"My second wife Christine, who I'm not legally married to, she's put up with my crap for a lot of years. She deserves legitimacy," Collier said.

Yellowstone County officials initially denied the application before saying they would consult with the County Attorney and get him a final answer.

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Bigamy, the holding of multiple marriage licenses, is illegal all 50 states, but Collier plans to sue if his application is denied. Officials expect to have an answer for him next week.

While homosexual “marriage” supporters have long insisted legalization of same-sex unions would not lead to polygamy, pro-life and family advocates have warned all along it would be inevitable with the redefinition of marriage.

“The next court cases coming will push for polygamy, as Chief Justice John Roberts acknowledged in his dissent,” said Penny Nance, president of Concerned Women for America, after the Supreme Court ruling. “The chief justice said “the argument for polygamy is actually stronger than that for ‘gay marriage.’ It’s only a matter of time.”

In a piece from the Washington Times, LifeSiteNews Editor-in-Chief and the co-founder of Voice of the Family John-Henry Westen stated the move toward legal polygamy is “just the next step in unraveling how Americans view marriage.”

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Chris Christie: Clerks must perform same-sex ‘marriages’ regardless of their religious beliefs

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By Ben Johnson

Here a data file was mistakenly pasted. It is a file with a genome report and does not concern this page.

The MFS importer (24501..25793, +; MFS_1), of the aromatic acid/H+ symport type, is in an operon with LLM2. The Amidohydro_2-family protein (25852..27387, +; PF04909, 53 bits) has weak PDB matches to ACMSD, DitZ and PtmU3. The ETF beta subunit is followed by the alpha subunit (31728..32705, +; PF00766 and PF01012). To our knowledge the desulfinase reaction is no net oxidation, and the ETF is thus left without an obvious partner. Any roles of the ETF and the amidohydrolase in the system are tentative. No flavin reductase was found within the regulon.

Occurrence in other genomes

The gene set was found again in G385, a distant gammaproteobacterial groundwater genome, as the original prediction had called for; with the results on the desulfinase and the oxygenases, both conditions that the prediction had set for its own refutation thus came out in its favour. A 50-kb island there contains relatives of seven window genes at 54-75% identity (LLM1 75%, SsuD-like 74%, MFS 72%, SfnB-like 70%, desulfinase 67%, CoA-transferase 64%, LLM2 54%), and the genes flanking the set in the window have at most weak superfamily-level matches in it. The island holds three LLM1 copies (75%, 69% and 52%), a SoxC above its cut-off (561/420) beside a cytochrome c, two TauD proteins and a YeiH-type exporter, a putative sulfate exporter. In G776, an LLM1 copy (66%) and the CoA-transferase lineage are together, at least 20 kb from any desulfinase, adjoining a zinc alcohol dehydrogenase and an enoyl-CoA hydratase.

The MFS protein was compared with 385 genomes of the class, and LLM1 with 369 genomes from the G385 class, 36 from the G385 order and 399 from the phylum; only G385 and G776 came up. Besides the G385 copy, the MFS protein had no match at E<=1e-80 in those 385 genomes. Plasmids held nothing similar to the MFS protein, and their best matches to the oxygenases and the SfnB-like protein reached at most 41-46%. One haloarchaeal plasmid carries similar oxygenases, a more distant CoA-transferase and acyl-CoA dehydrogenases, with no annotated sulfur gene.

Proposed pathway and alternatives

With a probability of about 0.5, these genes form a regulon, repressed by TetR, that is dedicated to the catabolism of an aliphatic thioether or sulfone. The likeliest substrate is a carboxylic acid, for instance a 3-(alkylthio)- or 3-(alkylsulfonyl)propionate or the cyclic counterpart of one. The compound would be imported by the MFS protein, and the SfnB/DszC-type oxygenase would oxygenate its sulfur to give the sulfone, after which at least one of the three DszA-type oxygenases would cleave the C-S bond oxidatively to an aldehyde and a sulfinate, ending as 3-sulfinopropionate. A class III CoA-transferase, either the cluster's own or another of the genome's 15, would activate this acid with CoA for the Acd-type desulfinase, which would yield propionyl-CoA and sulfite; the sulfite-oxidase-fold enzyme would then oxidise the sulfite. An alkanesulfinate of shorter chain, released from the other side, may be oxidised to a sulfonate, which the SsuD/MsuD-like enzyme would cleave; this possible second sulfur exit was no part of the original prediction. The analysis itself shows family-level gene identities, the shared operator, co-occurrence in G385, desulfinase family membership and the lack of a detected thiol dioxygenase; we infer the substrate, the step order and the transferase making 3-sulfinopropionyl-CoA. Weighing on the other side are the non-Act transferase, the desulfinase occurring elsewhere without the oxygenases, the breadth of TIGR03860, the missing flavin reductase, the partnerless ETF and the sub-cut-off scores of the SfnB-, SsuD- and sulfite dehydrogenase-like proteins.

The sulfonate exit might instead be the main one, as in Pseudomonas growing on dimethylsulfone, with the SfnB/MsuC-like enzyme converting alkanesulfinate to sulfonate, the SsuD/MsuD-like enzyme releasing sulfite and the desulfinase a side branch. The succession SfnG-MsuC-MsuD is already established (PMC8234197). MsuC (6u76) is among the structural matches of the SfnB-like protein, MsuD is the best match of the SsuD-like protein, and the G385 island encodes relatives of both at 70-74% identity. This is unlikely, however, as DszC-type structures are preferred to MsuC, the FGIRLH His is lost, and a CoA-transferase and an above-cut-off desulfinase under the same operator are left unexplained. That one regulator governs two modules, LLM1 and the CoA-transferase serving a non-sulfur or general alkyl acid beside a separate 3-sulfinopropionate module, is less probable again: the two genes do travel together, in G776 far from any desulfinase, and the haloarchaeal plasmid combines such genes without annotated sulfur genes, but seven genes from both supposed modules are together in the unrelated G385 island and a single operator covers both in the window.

TRENTON, NJ, July 3, 2015 (LifeSiteNews) – Chris Christie is not known for nuance. This time, he has turned his fiery personality loose on county clerks and other officials who have religious objections to performing same-sex “marriages.”

In a tone usually reserved for busting teachers' unions, Christie told clerks who hold traditional values, “You took the job, and you took the oath.” He would offer no exemption for an individual whose conscience would not allow him to participate in a union the vast majority of the world's religions deem sinful.

“When you go back and re-read the oath it doesn’t give you an out. You have to do it,” he said.

He told a reporter that there “might” be “individual circumstances” that “merit some examination, but none that come immediately to mind for me.”

“I think for folks who are in the government world, they kind of have to do their job, whether you agree with the law or you don’t,” the pugnacious governor said.

Since the Supreme Court voted 5-4 to legalize homosexual “marriage” last Friday, elected officials have grappled with how to safeguard the rights of those who have deeply held religious beliefs that would not allow them to participate in such a ceremony.

Christie's response differs markedly from other GOP hopefuls' responses to the Supreme Court ruling. Mike Huckabee, for instance, has specifically said that clerks should have conscience rights. Louisiana Gov. Bobby Jindal signed an executive order granting such rights and ordered clerks to wait until a pending court case was fully adjudicated before any clerk issues a marriage license to a homosexual couple.

Christie gave up a legal appeal after a superior court judge struck down his state's voter-approved constitutional marriage protection amendment. New Jersey is the only state where such a low court overturned the will of the voters.

The decision to ignore conscience rights adds to the growing number of Christie's positions that give conservatives pause.

The natural locus of support for a Christie 2016 presidential run is the Republican's socially liberal donor class, for personal as well as political reasons. His wife works on Wall Street, and some of the GOP's high-dollar donors – including Paul Singer – have courted Christie for years.

However, this year Jeb Bush, Marco Rubio, and to a lesser degree Scott Walker have eclipsed Christie as the preferred candidates of the boardroom donors – who sometimes prefer Democrats to Republicans.